Van den Berg shares PGA leadComment on this story
Johannesburg - A few weeks ago Ulrich van den Berg was spraying champagne at his friend Trevor Fisher jnr following Fisher's biggest victory on the Sunshine Tour.
This week Van den Berg is hoping for an equally significant triumph of his own.
The Johannesburg professional battled through a back injury to open with a seven-under-par 65 and share the first-round lead in the Telkom Business PGA Championship at Country Club Johannesburg's Woodmead Course on Thursday.
Oliver Bekker partners him at the top of the leaderboard, while 2011 champion George Coetzee is just one shot back alongside the unheralded Shaun Smith, who admitted to feeling “shell-shocked” at making it into the second oldest professional tournament in South African golf.
Van den Berg stepped onto the first tee hoping just to be able to complete his round after straining his back the day before.
“It was the last shot on the ninth in practice yesterday 1/8Wednesday 3/8 and I hit a shot and felt something tweak right towards my coccyx. I could barely make it back to the clubhouse, so it was a frantic time with the physios to get fit, but they've done a great job. It was touch-and-go on the range, but it eased up through the round,” he said.
“The nice thing is that when you play like that, you aren't too concerned about what you're shooting. You just take care of each shot at a time and don't put any pressure on yourself during the round.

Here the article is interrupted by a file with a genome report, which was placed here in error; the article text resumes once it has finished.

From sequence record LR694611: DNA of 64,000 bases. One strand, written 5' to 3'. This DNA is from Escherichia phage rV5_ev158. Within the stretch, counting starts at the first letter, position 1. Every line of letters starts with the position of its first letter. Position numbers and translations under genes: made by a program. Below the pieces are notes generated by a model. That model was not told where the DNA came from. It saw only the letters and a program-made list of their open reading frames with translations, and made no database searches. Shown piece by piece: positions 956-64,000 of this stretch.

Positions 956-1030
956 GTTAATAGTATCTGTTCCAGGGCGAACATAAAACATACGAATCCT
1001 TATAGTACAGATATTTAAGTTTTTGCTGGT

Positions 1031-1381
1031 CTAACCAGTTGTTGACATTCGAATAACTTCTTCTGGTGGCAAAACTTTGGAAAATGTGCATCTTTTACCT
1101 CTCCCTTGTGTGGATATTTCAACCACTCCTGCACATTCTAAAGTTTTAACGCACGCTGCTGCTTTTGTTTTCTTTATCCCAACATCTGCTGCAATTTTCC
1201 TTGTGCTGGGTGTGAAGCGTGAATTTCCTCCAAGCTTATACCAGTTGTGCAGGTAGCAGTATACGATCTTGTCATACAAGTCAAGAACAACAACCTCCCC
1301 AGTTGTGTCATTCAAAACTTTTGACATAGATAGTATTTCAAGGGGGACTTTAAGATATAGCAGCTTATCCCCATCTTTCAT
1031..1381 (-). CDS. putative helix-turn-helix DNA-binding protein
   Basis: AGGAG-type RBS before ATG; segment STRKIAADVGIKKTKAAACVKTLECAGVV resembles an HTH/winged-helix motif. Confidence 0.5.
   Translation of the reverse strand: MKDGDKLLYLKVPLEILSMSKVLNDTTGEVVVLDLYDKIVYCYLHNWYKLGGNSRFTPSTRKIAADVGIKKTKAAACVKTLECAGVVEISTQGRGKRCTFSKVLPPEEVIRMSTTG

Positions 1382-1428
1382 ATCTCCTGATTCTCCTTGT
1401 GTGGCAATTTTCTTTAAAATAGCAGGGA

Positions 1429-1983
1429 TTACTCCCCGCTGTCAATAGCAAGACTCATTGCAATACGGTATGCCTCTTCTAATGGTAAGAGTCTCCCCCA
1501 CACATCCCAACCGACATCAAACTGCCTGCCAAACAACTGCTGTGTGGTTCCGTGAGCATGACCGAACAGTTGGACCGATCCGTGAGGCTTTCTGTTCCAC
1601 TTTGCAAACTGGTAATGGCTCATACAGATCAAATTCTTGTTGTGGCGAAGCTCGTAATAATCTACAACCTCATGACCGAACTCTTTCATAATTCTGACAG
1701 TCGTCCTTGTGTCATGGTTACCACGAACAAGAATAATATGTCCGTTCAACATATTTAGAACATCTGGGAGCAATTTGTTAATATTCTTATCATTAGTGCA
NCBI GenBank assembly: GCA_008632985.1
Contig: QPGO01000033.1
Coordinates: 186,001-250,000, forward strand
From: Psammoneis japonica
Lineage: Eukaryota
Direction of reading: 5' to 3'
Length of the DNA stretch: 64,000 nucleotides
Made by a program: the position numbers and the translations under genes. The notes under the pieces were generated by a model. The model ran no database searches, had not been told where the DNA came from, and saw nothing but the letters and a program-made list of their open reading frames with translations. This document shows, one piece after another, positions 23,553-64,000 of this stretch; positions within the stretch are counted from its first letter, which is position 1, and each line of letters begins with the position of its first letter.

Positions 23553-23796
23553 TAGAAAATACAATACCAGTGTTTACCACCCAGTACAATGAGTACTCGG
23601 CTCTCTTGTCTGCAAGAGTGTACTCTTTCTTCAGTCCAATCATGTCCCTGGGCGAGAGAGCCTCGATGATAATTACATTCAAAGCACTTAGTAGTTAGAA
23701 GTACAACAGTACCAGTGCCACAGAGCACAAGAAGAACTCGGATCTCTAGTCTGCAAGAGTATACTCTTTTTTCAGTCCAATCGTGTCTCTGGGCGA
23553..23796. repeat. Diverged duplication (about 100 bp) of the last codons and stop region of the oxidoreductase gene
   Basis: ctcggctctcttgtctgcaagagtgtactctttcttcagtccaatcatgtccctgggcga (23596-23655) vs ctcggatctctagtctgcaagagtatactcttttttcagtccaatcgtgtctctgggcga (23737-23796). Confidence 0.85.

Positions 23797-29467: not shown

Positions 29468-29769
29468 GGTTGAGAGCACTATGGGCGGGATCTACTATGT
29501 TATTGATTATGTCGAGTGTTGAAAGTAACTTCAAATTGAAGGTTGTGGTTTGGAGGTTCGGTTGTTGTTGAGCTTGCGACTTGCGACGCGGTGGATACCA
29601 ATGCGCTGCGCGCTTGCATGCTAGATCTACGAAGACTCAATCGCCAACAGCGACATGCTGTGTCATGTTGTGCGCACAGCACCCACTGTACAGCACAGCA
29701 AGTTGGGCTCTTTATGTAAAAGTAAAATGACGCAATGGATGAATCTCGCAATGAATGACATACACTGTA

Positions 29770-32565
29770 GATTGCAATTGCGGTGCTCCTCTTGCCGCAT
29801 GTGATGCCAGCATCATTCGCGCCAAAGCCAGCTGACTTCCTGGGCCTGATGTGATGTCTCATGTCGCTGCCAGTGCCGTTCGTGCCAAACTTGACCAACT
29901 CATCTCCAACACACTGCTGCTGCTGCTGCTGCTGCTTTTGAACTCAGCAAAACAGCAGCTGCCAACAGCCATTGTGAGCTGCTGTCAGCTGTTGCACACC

“I didn't know if I was going to get through the round, so I'm very chuffed with how it turned out.”
After a slow start of one birdie in his first eight holes, Van den Berg did the bulk of his scoring on the back nine.
“I spun around the turn and made a whole heap of putts and got busy with a bunch of birdies, which was nice. That cooled down the frustration a little bit, because it gets upsetting when you're hitting it close and they're not going in.”
Bekker had the opposite, starting fast with an outward nine of 30 and then cooling off on the second nine.
“It's frustrating, because it's happened to me a few times this year,” he said.
“I wanted to get to 10 under par, so I didn't get defensive and I continued attacking. I set myself a target, which I don't always do, because it comes down to how you feel on the day.
“I felt like I was swinging it really nicely and I believed that if I kept it going I would shoot a really low score.”